Author Topic: Should the world phase out (or at least massively reduce) meat-eating?  (Read 1021 times)

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Offline Paul Blevins Jr.

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Yes, yes, a thousand times yes!

As for myself, I haven't had a bite of beef or pork in over thirty years. I've greatly reduced my consumption of poultry, but still eat a turkey sandwich for lunch at work everyday. But that's really the only meat I do eat right there.

If people have to eat meat, let them eat crickets. I tried a cricket granola bar and liked it.

Offline Paul Blevins Jr.

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Offline werecow

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I don't have it in me to go vegetarian, so my vote goes to investing heavily in lab grown meat. I want my frankenburger and I want it now!

(Really bummed I can't remember that comedic horror movie with the throbbing ball of meat sitting in a petri dish so that I can add a gif of it here.)
Mooohn!

Online 2397

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Also, I do wonder what will happen to many of the species we've bred specifically to eat if we no longer use them for food.  Many, if not all, may not have the ability to survive in the wild or could harm any environments they breed into.

None of them should exist in the wild, they're invasive species wherever they go. Including where they are now.

But if we can reduce them from the billions or hundreds of millions to the hundreds of thousands, that's almost as good as getting rid of them. We can have agriculture preserves as a historical curiosity if nothing else. Or maybe we need to keep them around as a base for cloned meat cells, or as a reserve source of bacterial colonies that are incorporated into artificial meat, milk and cheese production, etc.

Offline Tassie Dave

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We meat eaters could still eat the meat of animals that are culled. No need to go full vegetarian.

Millions of kangaroos, wallabies, and wild non-native species like goats, pigs & camels are killed each year in Australia. It could be a lucrative business in the future.

I doubt anyone, (reasonably), would object to wild rabbits being on the menu. Cutting down their numbers, even to zero, would only be a positive for this country.

Online 2397

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Lucrative as in sold for a much higher price, because of there being less meat in total. And because that's the kind of meat that wouldn't have to have a land use emissions tax. Unless people started trying to farm wild species to circumvent regulations.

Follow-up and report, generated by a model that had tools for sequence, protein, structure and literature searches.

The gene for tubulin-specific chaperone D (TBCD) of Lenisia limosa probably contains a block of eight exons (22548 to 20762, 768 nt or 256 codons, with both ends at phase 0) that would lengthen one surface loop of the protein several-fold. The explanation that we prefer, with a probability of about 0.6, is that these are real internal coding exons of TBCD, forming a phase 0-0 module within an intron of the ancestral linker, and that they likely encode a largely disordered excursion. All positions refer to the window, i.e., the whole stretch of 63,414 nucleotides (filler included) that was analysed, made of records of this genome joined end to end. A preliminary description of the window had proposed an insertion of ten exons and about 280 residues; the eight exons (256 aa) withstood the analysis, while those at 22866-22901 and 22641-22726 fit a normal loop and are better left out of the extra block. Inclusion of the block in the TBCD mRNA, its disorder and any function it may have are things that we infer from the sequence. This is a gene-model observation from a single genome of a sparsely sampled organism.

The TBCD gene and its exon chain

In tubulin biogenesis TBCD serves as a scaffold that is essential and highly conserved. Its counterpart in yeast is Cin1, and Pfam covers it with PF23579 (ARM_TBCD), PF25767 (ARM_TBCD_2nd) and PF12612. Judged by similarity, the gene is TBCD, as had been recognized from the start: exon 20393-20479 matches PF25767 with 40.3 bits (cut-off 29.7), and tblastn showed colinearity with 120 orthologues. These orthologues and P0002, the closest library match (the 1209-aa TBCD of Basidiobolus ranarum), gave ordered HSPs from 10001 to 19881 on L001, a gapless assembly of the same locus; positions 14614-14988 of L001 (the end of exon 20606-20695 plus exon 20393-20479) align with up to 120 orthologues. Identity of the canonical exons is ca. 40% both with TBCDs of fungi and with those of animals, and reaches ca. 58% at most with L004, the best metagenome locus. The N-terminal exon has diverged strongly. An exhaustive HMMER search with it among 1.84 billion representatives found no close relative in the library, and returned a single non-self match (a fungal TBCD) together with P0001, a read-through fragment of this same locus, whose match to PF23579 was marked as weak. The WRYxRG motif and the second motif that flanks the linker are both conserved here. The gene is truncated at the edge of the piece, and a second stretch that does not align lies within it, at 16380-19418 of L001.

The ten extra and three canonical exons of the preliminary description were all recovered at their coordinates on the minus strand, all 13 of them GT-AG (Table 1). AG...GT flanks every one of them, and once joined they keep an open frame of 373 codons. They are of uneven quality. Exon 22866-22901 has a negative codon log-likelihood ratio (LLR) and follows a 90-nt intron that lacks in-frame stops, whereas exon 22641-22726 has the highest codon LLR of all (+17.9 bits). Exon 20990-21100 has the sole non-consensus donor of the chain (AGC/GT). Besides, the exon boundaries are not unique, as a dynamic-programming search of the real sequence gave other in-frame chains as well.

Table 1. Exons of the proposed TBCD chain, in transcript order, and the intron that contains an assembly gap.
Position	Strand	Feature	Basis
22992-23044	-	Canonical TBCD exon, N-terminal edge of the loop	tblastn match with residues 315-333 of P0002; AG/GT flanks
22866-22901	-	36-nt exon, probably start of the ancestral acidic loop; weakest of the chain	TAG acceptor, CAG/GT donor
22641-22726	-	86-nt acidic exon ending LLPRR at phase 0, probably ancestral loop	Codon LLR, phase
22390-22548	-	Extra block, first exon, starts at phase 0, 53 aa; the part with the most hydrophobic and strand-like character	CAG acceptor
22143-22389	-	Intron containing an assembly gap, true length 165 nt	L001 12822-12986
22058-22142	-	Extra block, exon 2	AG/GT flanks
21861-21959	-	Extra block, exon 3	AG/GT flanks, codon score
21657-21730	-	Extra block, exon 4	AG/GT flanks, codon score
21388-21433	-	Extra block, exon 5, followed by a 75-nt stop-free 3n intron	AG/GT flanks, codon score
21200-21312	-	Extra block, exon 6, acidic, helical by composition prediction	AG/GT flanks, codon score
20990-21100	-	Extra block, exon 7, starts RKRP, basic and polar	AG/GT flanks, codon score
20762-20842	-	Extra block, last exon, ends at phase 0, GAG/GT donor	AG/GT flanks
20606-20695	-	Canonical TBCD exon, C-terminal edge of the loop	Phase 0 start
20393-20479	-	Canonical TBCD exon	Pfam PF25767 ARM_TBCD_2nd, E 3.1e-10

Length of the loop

Offline mindme

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I think ultimately we should start building life cycle costs into everything we consume. We're doing that now with things like electronics, appliances, and tires (at least in Canada). We should be doing that with paper cups (tim hortons, starbucks) and of course meat. Raise the price of meats that have the largest carbon footprint and you'll see a reduction in consumption and people shifting to alternatives. No matter how much you educated smokers, there are always going to be a sizeable number that are immune to health horror stories. But they will respond to price signals. A habit that gets too expensive finds people super motivated to stop or switch to alternatives.

And think about vaping. People are leap frogging smoking and going straight to vaping. Some people are leap frogging buying a gas powered car and going straight to electric. Most people don't even get landline phones anymore.  This may well happen with meat in the near future. I love that beyond meat burger. I ordered it not because of the health of the planet but because I actually like the way it tastes. I think as things like good non meat "meats" start to come online, they taste good, and they're competitively priced, people will stop eating meat.
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Online Harry Black

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The problem is that doing so would reduce all but the wealthiest in society to the kind of poverty not seen in western countries since around WW1.
If the price of everything goes up and so does the basic wage then really its like nothing went up.

If everything goes up and wages stay the same then basic amenities of modern life are suddenly beyond most peoples ability to afford. The poor no longer get access to computers (or replacements once the one they have breaks) get locked out of certain cultural experiences due to not being able to afford to consume contempory art in the medium it gets legally distributed, would be limited in how many sets of clothes they could own, even things like refrigeration or air con may not be as affordable.

If the bump is big enough to make a difference then its too big for our most vulnerable. If it isnt, whats the point?

I think we need to start shaping our systems of government with the acceptance that 50 years from now, liberal capitalism will not support the majority of the population and they will need to be supported by the state or fight to survive in a climate producing less and less food and materials.

Offline Quetzalcoatl

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Also, I do wonder what will happen to many of the species we've bred specifically to eat if we no longer use them for food.  Many, if not all, may not have the ability to survive in the wild or could harm any environments they breed into.

None of them should exist in the wild, they're invasive species wherever they go. Including where they are now.

But if we can reduce them from the billions or hundreds of millions to the hundreds of thousands, that's almost as good as getting rid of them. We can have agriculture preserves as a historical curiosity if nothing else. Or maybe we need to keep them around as a base for cloned meat cells, or as a reserve source of bacterial colonies that are incorporated into artificial meat, milk and cheese production, etc.